Even through a brief examination of asexuality on campus, it’s clear that being asexual is a lot more complex than a general lack of intrinsic sexual desire. Just like many other identities, there is a broad range of personal fluctuations, flexibilities and variations. In other words, asexuality is different for every individual person who identifies with it.
Personally, I could probably go my whole life without having sex and be completely okay with it. I’m the least horny person of anyone I know. That’s how I feel at this point in my life, at least. Maybe I will have sex one day. I’m not seeking it out, but I’m not removing the possibility from my future either. And I’m certainly not ruling out future romantic relationships.
I do daydream, though. Of holding someone’s hand in mine. Whispering waterfalls of secrets and nothings in someone’s ear without worrying that my spring-wound chest or skittish disposition will get in the way. I want to stargaze! Preferably on the roof of some building that we climb up to together after dark. In my mind, I hold someone gently with my eyes and my arms. They hold me in return. We’re humming a duet together in the light of a glowy afternoon. I dream of knowing and being known as fully as possible. There are things that I hide — habits of mine and conversations I bury — that someone could unearth if they want; if they’ve earned it.
I want someone to earn it. I want to yearn to talk to someone again after a long day’s encounters. I tend to walk in the clouds, and someone could fall into step with me if they wanted, if they could keep pace. I would let someone if they asked. I would let someone tie a ribbon around my wrist and tether me to the earth. I would let someone be the hearth I hold my shivering hands to when life becomes cold. I want to roller skate together, scrape knees together, read together. I’d crochet them a sweater. Laugh every which way. Be.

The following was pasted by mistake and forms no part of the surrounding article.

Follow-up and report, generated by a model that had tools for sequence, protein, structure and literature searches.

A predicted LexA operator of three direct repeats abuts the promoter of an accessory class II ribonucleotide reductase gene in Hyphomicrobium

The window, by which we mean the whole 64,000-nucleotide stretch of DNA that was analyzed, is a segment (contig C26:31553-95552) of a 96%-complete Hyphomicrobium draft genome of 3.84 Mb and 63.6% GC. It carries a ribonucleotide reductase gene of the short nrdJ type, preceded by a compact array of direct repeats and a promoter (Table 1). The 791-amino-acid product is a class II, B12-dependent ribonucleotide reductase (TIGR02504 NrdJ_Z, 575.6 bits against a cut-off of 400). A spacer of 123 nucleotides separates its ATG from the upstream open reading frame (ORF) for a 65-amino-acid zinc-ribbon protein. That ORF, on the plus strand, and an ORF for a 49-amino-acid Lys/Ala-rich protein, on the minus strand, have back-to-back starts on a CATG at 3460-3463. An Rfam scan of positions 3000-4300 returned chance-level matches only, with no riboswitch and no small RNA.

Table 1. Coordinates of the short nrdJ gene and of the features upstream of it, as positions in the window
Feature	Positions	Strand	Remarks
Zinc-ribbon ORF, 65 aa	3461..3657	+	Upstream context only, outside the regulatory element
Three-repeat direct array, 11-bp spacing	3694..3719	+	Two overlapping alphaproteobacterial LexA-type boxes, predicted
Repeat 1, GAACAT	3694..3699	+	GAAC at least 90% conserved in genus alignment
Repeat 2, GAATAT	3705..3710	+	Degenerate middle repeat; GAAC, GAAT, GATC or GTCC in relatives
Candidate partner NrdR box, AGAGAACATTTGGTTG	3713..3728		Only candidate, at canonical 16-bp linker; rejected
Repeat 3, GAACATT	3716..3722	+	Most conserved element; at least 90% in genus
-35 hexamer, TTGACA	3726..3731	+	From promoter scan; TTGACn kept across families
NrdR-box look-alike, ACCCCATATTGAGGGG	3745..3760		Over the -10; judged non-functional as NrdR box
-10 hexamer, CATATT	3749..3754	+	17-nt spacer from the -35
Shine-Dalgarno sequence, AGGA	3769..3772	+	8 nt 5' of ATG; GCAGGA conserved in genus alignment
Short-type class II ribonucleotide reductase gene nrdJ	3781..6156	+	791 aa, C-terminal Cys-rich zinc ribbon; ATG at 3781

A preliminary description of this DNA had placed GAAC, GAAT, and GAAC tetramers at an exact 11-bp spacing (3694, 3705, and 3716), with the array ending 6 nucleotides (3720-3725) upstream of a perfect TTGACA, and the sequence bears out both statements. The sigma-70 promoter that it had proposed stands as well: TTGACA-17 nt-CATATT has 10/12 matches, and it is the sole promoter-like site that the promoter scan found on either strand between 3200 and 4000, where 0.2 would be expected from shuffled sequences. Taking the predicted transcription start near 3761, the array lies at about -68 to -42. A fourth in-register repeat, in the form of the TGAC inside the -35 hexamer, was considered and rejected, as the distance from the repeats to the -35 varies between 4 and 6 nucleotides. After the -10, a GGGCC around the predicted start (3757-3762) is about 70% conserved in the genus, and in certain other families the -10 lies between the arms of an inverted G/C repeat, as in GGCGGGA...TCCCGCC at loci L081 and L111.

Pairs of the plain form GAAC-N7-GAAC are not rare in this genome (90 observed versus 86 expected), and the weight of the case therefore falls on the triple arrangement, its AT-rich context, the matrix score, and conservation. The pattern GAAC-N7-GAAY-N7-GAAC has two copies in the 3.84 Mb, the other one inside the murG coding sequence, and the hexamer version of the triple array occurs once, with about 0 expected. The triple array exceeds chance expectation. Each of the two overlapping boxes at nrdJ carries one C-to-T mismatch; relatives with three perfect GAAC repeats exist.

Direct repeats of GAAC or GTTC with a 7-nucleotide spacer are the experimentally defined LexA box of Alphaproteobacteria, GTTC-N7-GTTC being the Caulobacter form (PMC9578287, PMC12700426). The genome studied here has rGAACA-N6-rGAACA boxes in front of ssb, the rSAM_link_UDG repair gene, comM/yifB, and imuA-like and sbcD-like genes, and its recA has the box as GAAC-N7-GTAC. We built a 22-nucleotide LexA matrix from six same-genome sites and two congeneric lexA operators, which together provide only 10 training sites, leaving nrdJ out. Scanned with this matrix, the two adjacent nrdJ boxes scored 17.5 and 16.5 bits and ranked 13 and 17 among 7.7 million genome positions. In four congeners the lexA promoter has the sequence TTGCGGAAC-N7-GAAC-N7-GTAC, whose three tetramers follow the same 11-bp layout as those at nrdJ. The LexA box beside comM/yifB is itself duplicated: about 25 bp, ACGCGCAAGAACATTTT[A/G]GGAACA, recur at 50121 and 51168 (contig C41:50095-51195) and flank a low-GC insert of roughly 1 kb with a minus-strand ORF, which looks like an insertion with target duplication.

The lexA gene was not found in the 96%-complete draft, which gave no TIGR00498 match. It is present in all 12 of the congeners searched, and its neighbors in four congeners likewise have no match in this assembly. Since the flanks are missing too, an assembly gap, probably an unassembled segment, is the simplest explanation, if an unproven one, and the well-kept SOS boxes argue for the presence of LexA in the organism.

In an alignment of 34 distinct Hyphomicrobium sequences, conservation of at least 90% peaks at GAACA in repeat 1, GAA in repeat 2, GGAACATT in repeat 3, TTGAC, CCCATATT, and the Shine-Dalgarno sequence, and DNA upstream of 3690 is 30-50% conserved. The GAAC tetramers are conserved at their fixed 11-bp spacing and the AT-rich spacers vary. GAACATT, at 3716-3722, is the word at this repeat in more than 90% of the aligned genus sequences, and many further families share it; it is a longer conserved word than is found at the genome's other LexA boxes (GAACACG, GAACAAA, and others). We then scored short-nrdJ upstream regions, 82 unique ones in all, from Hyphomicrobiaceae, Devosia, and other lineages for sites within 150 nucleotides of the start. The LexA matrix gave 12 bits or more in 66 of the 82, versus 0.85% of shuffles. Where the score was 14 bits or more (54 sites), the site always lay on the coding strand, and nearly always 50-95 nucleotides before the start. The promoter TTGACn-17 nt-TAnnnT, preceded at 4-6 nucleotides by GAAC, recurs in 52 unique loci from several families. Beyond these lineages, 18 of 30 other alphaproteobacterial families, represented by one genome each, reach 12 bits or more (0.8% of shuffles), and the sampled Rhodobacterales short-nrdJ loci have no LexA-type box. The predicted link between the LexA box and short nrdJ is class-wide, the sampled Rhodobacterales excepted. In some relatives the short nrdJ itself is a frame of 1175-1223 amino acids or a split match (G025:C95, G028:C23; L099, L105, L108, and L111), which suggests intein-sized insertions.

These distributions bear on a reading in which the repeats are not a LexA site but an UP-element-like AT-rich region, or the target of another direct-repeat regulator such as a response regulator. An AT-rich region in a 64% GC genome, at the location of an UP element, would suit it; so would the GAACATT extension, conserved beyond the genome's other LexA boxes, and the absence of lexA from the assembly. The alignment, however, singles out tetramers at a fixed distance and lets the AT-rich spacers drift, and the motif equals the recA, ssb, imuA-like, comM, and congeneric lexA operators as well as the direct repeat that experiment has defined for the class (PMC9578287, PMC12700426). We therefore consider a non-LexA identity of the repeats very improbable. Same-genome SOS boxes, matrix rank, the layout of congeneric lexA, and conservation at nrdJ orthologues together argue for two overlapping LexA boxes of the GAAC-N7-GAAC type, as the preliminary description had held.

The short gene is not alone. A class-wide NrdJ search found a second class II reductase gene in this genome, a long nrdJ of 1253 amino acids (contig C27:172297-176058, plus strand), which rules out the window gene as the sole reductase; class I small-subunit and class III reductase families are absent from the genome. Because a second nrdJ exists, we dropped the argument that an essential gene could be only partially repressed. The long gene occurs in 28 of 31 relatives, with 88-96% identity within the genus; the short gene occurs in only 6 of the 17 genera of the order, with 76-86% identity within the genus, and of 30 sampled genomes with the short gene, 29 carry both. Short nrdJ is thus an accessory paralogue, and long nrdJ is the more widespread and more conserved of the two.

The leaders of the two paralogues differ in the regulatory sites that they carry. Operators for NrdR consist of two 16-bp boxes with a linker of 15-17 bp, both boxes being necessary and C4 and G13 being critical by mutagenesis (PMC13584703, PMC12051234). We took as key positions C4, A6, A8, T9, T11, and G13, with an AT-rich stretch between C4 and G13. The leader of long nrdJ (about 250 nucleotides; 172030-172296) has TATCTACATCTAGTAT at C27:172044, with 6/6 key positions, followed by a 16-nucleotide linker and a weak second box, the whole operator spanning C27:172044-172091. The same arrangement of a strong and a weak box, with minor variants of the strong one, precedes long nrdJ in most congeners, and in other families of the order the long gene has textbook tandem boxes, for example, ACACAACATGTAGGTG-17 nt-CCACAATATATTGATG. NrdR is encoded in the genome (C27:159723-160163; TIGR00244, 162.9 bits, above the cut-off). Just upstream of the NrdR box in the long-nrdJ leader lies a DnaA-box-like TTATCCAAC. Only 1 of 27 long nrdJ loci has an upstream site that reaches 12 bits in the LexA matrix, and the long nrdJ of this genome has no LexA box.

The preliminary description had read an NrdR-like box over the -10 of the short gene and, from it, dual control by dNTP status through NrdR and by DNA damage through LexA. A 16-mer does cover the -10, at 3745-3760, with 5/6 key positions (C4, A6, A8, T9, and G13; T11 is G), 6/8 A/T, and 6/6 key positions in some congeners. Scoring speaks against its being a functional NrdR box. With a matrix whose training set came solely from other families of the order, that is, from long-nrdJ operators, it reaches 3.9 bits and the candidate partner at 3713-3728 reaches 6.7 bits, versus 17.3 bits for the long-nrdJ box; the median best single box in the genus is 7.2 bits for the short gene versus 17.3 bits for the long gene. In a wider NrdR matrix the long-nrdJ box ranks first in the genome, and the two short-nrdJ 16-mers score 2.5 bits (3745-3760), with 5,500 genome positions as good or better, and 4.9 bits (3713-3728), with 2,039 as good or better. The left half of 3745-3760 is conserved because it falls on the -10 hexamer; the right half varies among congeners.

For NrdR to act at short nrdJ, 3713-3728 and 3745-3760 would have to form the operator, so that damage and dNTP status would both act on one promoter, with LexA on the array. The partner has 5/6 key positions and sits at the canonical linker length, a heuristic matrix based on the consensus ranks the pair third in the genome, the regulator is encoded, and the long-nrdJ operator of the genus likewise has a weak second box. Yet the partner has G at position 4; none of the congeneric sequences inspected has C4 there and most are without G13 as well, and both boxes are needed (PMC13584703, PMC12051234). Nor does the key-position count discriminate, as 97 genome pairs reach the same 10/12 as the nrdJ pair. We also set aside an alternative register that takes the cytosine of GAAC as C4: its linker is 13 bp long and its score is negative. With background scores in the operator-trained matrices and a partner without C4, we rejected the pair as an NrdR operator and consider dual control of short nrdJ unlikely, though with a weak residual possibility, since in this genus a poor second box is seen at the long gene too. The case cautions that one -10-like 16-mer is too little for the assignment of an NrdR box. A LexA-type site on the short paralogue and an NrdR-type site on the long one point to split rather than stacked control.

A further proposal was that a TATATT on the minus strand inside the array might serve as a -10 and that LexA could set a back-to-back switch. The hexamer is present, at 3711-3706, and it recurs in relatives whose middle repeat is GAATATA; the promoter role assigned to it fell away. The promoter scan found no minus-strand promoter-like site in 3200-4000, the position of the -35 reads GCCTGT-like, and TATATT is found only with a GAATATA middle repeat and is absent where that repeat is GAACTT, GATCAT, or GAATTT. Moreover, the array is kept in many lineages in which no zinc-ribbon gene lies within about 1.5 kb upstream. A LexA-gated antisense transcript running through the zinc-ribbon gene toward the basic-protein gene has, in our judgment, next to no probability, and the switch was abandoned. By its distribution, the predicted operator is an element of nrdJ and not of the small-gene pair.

I’m afraid that if I tell someone I’m asexual, they’re going to assume I don’t dream of these things. What is an asexual hopeless romantic to do?
“Dani, it’s your turn.”
A voice calls from the other side of the roundtable. Tight, irritated. They have a wide-brimmed hat on a head tilted so far forward that I can’t see their face. How did this guy get my name? I can’t see anyone who sits around our game clearly. The table is the velvet green of casino greed and the air is thick with scrutiny. I give my head a quick shake, clear the fog and look to remind myself what cards I have. I have four of a kind, all aces. Daydreaming in the middle of the game again. I hope my hands didn’t relax while my mind went elsewhere. No one is allowed to see my cards.
What are we playing again? Euchre? Hold ’em? Spoons? Egyptian rat screw? Wide-brim starts tapping their fingers impatiently.
“Well, kid? You gonna play a card or what?”
Maybe soon. I don’t know.
Statement Correspondent Danielle Canan can be reached at email@example.com.